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Title: The development of microfabricated ion traps towards quantum information and simulation
Author: Hughes, Marcus
ISNI:       0000 0004 2739 2745
Awarding Body: University of Sussex
Current Institution: University of Sussex
Date of Award: 2013
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Trapped ions within Paul traps have shown to be a promising architecture in the realisation of a quantum information processor together with the ability of providing quantum simulations. Linear Paul traps have demonstrated long coherence times with ions being well isolated from the environment, single and multi-qubit gates and the high fidelity detection of states. The scalability to large number of qubits, incorporating all the previous achievements requires an array of linear ion traps. Microfabrication techniques allow for fabrication and micron level accuracy of the trap electrode dimensions through photolithography techniques. The first part of this thesis presents the experiential setup and trapping of Yb+ ions needed to test large ion trap arrays. This include vacuum systems that can host advanced symmetric and asymmetric ion traps with up to 90 static voltage control electrodes. Demonstration of a single trapped Yb+ ion within a two-layer macroscopic ion trap is presented. with an ion-electrode distance of 310(10) μm. The anomalous heating rate and spectral noise density of the trap was measured, a main form of decoherence within ion traps. The second half of this thesis presents the design and fabrication of multi-layer asymmetric ion traps. This allows for isolated electrodes that cannot be accessed via surface pathways, allowing for higher density of electrodes as well as creating novel trap designs that allow for the potential of quantum simulations to be demonstrated. These include two-dimensional lattices and ring trap designs in which the isolated electrodes provide more control in the ion position. For the microfabrication of these traps I present a novel high-aspect ratio electroplated electrode design that provides shielding of the dielectric layer. This provides a means to mitigate stray electric field due to charge build up on the dielectric surfaces. Electrical testing of the trap structures was performed to test bulk breakdown and surface flashover of the ion trap architectures. Results showed sufficient isolation between electrodes for both radio frequency and static breakdown. Surface flashover voltage measurements over the dielectric layer showed an improvement of more than double over previous results using a new fabrication technique. This will allow for more powerful ion trap chips needed for the next generation of microfabricated ion trap arrays for scalable quantum technologies.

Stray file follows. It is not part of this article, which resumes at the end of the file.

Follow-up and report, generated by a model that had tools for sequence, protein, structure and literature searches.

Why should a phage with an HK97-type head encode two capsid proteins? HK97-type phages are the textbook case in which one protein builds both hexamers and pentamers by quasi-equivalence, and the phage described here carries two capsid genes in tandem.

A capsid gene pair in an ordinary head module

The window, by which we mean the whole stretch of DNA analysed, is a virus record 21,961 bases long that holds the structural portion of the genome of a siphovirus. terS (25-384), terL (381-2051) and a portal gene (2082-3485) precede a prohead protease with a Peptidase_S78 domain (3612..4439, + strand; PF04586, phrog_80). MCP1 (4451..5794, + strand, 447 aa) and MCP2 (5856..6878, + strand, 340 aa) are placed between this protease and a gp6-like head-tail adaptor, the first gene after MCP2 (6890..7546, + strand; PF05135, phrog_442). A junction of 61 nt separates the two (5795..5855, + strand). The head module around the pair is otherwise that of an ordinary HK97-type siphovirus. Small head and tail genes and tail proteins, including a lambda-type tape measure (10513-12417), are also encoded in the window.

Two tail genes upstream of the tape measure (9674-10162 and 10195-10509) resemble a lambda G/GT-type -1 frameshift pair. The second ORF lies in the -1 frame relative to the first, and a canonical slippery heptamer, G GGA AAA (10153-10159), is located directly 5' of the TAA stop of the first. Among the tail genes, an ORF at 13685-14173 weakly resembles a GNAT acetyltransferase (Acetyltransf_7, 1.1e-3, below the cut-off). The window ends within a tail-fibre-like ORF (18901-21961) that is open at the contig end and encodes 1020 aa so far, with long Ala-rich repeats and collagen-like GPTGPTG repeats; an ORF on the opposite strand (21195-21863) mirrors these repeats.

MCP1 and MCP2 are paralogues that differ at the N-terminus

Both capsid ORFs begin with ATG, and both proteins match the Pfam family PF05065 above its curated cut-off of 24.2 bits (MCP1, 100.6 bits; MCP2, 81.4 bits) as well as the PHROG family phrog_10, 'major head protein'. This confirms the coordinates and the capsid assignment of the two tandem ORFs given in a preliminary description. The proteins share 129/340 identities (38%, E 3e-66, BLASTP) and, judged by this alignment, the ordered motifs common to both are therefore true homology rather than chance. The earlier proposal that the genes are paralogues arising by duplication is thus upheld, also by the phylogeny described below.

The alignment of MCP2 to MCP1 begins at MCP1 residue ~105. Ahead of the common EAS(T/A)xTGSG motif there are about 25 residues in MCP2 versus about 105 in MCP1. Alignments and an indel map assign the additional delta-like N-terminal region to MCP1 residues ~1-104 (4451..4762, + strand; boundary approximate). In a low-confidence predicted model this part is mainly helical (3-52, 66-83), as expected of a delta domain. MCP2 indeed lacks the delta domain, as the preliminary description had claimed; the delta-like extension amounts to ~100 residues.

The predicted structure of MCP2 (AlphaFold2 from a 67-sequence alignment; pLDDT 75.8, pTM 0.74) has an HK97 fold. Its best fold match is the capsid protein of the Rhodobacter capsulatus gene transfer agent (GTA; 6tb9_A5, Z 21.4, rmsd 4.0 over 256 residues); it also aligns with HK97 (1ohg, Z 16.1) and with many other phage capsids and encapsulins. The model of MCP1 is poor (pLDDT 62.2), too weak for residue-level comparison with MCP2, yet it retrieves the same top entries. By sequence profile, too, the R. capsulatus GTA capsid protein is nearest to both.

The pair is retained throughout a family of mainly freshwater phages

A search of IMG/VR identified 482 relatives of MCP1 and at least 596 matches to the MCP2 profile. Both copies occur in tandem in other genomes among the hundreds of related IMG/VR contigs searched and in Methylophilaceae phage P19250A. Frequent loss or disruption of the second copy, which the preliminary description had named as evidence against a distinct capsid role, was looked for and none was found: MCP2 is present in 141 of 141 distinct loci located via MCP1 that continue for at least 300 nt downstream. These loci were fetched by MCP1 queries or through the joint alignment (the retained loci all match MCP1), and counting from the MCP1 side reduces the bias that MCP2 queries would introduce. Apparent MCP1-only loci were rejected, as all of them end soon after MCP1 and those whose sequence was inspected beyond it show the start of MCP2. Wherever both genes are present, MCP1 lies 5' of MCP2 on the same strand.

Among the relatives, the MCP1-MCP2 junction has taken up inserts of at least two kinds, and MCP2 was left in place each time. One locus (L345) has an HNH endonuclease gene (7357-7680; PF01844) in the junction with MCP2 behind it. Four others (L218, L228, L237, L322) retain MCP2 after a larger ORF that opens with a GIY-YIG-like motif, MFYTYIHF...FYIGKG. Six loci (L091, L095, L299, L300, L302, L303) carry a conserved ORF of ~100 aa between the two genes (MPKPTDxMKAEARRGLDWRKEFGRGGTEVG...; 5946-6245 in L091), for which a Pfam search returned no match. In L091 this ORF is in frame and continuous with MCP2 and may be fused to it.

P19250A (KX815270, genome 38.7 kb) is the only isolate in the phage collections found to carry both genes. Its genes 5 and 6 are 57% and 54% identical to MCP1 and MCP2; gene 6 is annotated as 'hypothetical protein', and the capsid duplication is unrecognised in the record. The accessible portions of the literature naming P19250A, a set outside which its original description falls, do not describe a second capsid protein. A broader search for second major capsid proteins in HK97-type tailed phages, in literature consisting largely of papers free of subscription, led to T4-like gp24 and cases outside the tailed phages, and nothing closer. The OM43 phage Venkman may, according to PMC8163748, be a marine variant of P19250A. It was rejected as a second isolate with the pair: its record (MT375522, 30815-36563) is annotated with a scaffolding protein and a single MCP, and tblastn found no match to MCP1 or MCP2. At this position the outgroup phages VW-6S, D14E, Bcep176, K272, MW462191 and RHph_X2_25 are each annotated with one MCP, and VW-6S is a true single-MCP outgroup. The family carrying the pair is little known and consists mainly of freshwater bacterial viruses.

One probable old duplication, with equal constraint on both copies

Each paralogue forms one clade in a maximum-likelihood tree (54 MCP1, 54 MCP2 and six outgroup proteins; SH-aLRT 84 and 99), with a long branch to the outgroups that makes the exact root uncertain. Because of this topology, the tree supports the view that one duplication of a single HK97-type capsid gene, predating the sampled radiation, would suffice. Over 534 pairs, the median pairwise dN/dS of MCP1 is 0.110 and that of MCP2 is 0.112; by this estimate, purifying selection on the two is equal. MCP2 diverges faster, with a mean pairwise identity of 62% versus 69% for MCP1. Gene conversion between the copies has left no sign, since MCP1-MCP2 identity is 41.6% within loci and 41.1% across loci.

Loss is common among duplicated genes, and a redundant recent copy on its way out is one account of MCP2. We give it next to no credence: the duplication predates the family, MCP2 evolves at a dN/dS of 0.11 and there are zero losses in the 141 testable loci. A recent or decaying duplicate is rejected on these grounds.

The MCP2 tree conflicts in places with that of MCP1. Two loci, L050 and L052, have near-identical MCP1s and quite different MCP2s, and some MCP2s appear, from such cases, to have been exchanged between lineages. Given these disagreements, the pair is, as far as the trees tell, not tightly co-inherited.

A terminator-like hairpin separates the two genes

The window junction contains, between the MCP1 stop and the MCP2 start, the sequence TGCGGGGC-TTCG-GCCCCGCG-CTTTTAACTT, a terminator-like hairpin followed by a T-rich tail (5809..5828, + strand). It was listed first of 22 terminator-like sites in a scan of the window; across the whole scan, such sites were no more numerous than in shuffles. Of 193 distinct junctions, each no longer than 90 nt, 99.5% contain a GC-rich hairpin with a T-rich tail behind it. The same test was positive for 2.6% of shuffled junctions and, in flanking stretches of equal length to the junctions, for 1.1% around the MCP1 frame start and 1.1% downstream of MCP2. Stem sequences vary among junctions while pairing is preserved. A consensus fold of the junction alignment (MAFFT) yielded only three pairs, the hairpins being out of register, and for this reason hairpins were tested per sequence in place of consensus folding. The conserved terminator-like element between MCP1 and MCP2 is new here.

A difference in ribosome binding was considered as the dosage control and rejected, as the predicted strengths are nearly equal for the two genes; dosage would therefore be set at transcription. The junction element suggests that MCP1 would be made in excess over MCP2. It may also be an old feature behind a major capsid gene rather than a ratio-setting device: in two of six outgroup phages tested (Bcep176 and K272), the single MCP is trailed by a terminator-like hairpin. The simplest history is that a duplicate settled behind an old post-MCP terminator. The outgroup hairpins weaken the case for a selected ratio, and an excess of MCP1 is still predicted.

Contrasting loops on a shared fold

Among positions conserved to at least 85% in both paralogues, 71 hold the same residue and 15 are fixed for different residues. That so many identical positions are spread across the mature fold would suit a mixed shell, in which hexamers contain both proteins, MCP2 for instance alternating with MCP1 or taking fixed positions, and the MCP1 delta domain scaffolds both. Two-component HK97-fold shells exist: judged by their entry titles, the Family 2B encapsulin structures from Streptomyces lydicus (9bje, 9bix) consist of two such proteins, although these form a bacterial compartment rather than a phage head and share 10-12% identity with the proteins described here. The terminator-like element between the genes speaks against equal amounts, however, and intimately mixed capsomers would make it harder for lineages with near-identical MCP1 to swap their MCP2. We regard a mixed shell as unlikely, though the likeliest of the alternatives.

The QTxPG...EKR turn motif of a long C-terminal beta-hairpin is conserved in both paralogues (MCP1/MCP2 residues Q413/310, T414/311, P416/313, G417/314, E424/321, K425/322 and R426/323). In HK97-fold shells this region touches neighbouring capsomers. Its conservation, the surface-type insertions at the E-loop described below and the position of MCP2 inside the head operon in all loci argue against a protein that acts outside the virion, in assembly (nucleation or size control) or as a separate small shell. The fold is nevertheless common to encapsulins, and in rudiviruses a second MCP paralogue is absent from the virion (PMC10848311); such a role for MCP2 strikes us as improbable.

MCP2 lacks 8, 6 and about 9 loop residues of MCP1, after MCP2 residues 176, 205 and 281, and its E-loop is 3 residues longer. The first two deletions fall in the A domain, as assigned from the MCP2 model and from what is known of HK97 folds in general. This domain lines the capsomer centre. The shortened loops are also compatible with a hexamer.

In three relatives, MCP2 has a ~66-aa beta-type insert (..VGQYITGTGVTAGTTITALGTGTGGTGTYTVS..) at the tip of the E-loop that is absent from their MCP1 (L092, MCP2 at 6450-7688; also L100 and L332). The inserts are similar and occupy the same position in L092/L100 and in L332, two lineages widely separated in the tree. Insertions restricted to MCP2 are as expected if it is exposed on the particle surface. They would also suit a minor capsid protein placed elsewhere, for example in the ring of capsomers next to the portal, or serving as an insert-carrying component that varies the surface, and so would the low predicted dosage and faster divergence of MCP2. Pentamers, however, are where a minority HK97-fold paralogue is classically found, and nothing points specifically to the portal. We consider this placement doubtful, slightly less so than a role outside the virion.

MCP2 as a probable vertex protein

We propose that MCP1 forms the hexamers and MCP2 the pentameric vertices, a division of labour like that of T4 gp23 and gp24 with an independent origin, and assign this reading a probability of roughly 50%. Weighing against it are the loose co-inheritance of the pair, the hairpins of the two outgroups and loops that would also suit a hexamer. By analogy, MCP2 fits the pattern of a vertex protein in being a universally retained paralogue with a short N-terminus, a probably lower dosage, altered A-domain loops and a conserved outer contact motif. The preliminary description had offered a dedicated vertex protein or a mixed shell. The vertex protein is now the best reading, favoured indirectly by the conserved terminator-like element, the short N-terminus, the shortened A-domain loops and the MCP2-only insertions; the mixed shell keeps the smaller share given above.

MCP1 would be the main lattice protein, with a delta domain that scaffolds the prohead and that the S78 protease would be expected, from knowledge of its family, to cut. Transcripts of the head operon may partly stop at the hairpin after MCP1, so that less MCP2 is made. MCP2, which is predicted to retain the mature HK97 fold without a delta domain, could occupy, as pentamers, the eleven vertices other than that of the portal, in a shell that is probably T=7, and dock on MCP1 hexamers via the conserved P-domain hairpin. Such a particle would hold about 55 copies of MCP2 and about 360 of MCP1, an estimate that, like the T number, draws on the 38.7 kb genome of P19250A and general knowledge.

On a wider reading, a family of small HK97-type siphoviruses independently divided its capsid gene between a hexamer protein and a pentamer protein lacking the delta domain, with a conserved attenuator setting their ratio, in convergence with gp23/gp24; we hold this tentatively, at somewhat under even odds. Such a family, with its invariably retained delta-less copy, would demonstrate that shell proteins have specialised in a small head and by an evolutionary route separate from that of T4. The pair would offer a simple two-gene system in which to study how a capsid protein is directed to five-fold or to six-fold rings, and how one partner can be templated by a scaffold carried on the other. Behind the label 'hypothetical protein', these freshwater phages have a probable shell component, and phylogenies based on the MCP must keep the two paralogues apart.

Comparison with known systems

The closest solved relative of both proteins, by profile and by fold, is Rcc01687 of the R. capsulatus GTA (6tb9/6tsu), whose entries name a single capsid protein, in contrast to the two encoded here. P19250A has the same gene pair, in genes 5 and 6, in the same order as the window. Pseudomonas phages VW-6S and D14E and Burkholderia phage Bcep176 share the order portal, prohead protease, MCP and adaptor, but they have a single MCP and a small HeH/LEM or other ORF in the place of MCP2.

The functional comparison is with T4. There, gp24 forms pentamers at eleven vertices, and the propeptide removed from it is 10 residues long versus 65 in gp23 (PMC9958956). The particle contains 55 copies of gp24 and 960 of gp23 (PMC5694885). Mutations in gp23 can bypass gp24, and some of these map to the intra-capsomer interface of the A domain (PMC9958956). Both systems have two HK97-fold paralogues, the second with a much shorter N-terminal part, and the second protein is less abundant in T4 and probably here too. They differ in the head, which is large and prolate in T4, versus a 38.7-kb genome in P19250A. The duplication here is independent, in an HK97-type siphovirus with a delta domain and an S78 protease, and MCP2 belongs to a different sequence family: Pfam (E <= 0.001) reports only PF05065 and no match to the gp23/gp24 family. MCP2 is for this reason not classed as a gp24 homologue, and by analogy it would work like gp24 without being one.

Supervisor: Not available Sponsor: Not available
Qualification Name: Thesis (Ph.D.) Qualification Level: Doctoral
EThOS ID:  DOI: Not available
Keywords: QC0170 Atomic physics. Constitution and properties of matter Including molecular physics, relativity, quantum theory, and solid state physics